Crime Library: Criminal Minds and Methods

Jack the Ripper


The murder of Mary Kelly created panic in the streets of Whitechapel, which were again abandoned at night to the police patrols. Sporadic episodes of mob violence broke out when for various reasons, an individual cast suspicion on himself by something he did or said, usually under the influence of alcohol.

Man walking alone draws suspicious eyes
Man walking alone draws suspicious eyes
Police activity was frantic. Every lead was tracked down, every suspect interrogated thoroughly. The results were disappointing and the police were heavily criticized. Queen Victoria was furious. "This new most ghastly murder," she told the Prime Minister, "shows the absolute necessity for some very decided action. All these courts must be lit, and our detectives improved. They are not what they should be."

The Times was a bit more understanding of the difficulties the police faced: "The murders, so cunningly continued, are carried out with a completeness which altogether baffles investigators. Not a trace is left of the murderer, and there is no purpose in the crime to afford the slightest clue...All that the police can hope is that some accidental circumstance will lead to a trace which may be followed to a successful conclusion."

There was disagreement on the estimated time of Mary's death. Dr. Bond believed that she had died between 1 and 2 a.m. Friday morning. Dr. Phillips thought that death occurred much later, somewhere between 5 and 6 a.m. Not having a clearer idea about time of death complicated the eyewitness testimony regarding who was with Mary or seen in Miller's Court during Friday morning.

Miller's Court, location of the murder of Mary Kelly
Miller's Court, location of the
murder of Mary Kelly
The most important eyewitness was George Hutchinson, a laborer who knew Mary Kelly. He met her about 2 a.m. Friday morning and she asked him for some money. He told her he had nothing to spare and she walked away, but soon stopped to talk to another man. If his testimony is correct, he probably saw Jack the Ripper:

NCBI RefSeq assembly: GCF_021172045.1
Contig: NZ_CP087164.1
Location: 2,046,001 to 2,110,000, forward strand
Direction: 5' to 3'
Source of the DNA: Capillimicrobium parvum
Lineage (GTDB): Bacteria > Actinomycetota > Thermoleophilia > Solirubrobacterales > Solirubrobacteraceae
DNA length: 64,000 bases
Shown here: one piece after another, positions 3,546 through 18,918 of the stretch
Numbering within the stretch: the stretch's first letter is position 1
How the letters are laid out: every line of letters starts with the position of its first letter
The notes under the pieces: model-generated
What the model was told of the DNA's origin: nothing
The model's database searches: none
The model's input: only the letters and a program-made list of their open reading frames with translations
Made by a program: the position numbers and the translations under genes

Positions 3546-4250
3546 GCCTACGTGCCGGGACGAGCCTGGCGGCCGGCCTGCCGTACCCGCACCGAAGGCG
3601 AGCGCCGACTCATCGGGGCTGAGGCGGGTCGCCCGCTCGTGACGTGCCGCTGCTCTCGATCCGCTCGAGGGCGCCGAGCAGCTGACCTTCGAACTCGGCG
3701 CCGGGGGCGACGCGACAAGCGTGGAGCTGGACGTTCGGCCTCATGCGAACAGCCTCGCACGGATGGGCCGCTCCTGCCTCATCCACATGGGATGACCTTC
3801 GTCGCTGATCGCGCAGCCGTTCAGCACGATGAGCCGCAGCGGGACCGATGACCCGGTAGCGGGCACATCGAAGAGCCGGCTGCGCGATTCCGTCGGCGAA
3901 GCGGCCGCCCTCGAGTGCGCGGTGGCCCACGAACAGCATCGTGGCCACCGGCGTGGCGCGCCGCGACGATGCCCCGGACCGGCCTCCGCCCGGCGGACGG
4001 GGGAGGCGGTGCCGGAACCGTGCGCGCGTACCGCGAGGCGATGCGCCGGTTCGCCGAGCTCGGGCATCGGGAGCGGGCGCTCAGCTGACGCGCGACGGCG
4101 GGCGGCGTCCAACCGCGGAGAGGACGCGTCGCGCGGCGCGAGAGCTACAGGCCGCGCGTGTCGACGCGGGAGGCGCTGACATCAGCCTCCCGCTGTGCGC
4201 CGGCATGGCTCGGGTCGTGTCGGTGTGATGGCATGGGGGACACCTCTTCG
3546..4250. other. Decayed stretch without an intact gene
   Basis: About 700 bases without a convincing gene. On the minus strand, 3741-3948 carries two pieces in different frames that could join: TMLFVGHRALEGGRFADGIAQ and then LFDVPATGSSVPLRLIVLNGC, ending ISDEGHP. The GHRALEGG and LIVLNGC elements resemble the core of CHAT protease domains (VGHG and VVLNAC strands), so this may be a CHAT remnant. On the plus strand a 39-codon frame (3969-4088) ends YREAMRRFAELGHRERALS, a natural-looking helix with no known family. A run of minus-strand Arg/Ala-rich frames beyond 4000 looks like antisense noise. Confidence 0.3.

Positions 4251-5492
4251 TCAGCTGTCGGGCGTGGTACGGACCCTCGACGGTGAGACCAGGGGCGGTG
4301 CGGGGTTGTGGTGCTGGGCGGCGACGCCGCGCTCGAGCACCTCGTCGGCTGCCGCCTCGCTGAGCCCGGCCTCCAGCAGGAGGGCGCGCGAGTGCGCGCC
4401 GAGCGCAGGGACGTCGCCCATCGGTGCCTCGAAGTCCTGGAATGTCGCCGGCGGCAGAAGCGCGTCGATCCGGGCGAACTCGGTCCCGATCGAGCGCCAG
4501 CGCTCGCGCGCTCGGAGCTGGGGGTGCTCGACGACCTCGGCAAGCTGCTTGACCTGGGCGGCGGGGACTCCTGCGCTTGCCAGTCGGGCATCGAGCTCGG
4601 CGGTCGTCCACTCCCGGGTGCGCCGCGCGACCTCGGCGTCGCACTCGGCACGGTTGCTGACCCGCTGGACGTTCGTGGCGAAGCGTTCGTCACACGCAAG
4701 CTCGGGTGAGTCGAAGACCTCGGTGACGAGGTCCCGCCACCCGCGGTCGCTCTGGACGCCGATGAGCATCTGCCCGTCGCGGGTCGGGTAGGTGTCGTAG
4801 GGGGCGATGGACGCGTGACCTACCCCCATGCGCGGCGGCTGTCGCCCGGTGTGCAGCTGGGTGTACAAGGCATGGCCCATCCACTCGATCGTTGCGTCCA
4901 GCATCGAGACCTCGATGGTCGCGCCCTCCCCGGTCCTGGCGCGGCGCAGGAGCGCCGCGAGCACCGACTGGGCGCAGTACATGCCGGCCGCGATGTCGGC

He then placed his right hand around her shoulders. He also had a kind of a small parcel in his left hand with a kind of strap round it. I stood against the lamp of the Queen's Head Public House and watched him. They both then came past me and the man hung down his head with his hat over his eyes. I stooped down and looked him in the face. He looked at me stern. They both went into Dorset Street. I followed them. They both stood at the corner of the court for about 3 minutes. He said something to her. She said alright my dear come along you will be comfortable. He then placed his arm on her shoulder and gave her a kiss. She said she had lost her handkerchief. He then pulled his handkerchief a red one out and gave it to her. They both then went up the court together. I then went to the court to see if I could see them but could not. I stood there for about three quarters of an hour to see if they came out. They did not so I went away.

Mary Kelly with the Ripper
Mary Kelly with the Ripper
Description: age about 34 or 35, height 5 ft. 6, complexion pale, dark eyes and eye lashes, slight moustache curled up each end and hair dark, very surly looking; dress, long dark coat, collar and cuffs trimmed astrakhan and a dark jacket under, light waistcoat, dark trousers, dark felt hat turned down in the middle, button boots and gaiters with white buttons, black tie with horse shoe pin, respectable appearance, walked very sharp, Jewish appearance. Can be identified.